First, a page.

Scouting: One could tell that he really want to be cast as an offensive, puckmoving defenseman, which is a blessing and a curse. Likes to handle the puck, but sometimes overhandles it .. is a strong passer, but must learn that the option that appears to be the most creative, is not always the best one .. he tries hard and makes solid effort every night, and his weaknesses could be rounded out with time .. does his job in own end, but clearly that isn't the part of his game that makes him stand out from the crowd .. has a fairly well directed shot, but needs to add some more boom from the point.

Yuri Alexandrov (2006), D, 6-1-2-3
Review: Ended up with some pretty good numbers in the tournament, but his overall showing was not that strong. Too many ups and downs between games and even shifts, provided for a very uneven display by the young rearguard.
Scouting: Has enough pure skill to never look truly bad, even on an off night. A smooth skater who reads the game fairly well defensively and gets into the right position most of the time .. could however suddenly turn into the Mr Hyde version of himself and playing very reckless for no apparent reason and totally lose control of his passing game .. doesn't shay away from getting his hands dirty physically and shows signs of being a good pointman on the powerplay., as he possesses a decently accurate and hard slap shot .. but he also does not seem to have that extra drop of pure offensive creativity that makes really great offensive defensemen stand out.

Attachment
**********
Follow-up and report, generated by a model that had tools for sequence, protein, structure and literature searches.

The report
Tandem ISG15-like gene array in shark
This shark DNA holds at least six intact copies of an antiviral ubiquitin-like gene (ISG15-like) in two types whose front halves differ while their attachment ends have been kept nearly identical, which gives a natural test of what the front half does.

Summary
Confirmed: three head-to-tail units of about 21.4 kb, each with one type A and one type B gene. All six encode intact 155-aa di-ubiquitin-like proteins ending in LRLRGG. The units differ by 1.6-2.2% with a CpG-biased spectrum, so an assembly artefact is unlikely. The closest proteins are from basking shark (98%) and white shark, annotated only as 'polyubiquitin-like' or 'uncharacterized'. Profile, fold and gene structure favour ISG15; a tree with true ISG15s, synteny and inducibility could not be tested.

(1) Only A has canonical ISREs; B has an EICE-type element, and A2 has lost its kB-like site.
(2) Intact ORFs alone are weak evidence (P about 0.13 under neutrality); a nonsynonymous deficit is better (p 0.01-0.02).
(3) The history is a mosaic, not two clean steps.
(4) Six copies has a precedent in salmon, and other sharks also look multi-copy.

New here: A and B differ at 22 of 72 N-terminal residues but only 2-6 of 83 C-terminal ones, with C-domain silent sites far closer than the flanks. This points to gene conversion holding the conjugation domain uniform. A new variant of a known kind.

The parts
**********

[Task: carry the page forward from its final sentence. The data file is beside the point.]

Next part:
Ruslan Bashkirov (2007), C, 6-6-2-8
Review: Wasn't very talked about coming into the tournament, but that was about to change very soon. The Russian centre, with a mullet hair cut and shining white gloves, managed to mix entertainment value and actual offensive output, in a stellar manner.
Scouting: Is about on par with Vasyunov in terms of raw offensive skill and talent, the difference is that Bashkirov have more of a competitive drive to actually go out and make something happen on the ice .. strong skater overall and especially his lateral movement is excellent, looses his opponents with quick, nifty little twists and turns and makes it look easy too .. very creative in the offensive zone and could make any type of play happen, has the vision and poise of a great playmaker, but is just as good, if not better, at finishing it off himself .. very slick with the puck and possesses and wide arsenal of dekes .. big and strong enough to also simply cover the puck well when required .. despite not being much a factor in his own end, Bashkirov was easily the best Russian in the tournament.

Vladimir Zharkov (2006), LW, 6-0-0-0
Review: Had some good advertising buzz surrounding his name before the tournament, but during it, he really had to look to find Vladimir Zharkov, hidden on the Russian fourth line and receiving little ice time in key situations.